Ocean City, NJ closer to beach & boardwalk curfew, backpack ban
🔴 Police estimate 3,000-5,000 people were on the boardwalk during Memorial Day
🔴 Teens drinking on the beach was a major problem
🔴 The city council must vote on a curfew change and ban on backpacks at night
OCEAN CITY — The city council met in an emergency session Thursday to formally vote on beach and boardwalk restrictions proposed by Mayor Jay Gillian following a raucous Memorial Day weekend.
After a weekend that saw large numbers of teens at the beach and police and first responders responding to nearly 1,000 incidents of underage drinking, vandalism, assaults, confiscation of a handgun and shoplifting, Gillian ordered beaches to close to everyone at 8 p.m.
Ocean City Police Chief Jay Prettyman estimated the crowd at between 3,000 and 5,000.
During a media briefing, he said police are limited as to how they handle underage drinking and drug use. Police are not allowed to question juveniles about their use of substances and could face criminal charges if they do.
"If we don't have law and order restored in all of shore towns we are going to have pure chaos," state Sen. Mike Testa, R-Cumberland, said during the briefing. "When I talk to law enforcement they say to me, 'Senator, we just want the handcuffs taken off of us. We just want to enforce the laws that are on the books.'"
Spitting teens contribute to changes
During a media briefing Thursday, Gillian said teens were spitting on cops and two city workers assigned to monitor the public restrooms. They quit on the spot. Gillian has ordered boardwalk bathrooms to close at 10 p.m.
Gillians's other orders — a ban on backpacks on beaches and boardwalks after 8 p.m. for all visitors of any age and moving the teen curfew to 11 p.m. from 1 a.m. — require adoption by the city council. They approved them during a first reading at the emergency meeting. If approved after a second reading scheduled for June 15, the new rules would take effect immediately in time for Father's Day weekend.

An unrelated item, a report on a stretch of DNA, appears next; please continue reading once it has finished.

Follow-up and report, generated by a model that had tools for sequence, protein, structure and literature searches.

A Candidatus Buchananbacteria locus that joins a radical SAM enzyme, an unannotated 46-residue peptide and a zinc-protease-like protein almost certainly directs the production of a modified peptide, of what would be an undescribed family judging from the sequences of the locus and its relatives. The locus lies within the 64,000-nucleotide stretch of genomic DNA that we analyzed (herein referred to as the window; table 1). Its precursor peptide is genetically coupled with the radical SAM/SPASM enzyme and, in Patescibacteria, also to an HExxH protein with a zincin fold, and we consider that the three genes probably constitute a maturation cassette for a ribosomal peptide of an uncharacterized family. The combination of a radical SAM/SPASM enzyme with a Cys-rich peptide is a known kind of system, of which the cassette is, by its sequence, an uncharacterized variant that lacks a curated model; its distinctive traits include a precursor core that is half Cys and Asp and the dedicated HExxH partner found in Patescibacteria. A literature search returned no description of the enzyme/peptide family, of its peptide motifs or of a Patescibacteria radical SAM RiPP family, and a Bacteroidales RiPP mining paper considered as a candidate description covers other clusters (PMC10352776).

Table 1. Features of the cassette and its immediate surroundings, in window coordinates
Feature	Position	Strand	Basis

An ordinance banning E-bikes from the boardwalk is also in the works, according to the mayor.
City Solicitor Dorothy McCrosson said the ordinances include "common sense" exceptions and that police will not be the "Gestapo" about enforcing the new rules.
Juvenile offenders would be given two warnings before police call parents or guardians.
The public will have a chance to comment on the ordinances at the second meeting. Several business owners and residents spoke at Thursday's meeting for and against the ordinances.
Justice Vollz told councilors he spent the night near his three businesses on the boardwalk opposite the beach where many teens gathered.
"I just planted myself on the 11th Street ramp. I just wanted to observe and watch over my businesses, watch over my staff. It is both shocking and grieving to watch the debauchery and all the lawless and harmful behavior," Vollz said. "We stand in full support of efforts to protect youth, to protect families."
Vollz also brought up a potential negative of the bathroom ordinance. Already when the line starts to form people now relieve themselves on the side of his building. Closing them early would exacerbate the problem because visitors still need to use the restrooms.
Resident E.C. Reeves told the meeting that he is concerned that if the city doesn't do something about the crowds visitors will stop coming, according to OCNJ Daily coverage of the meeting.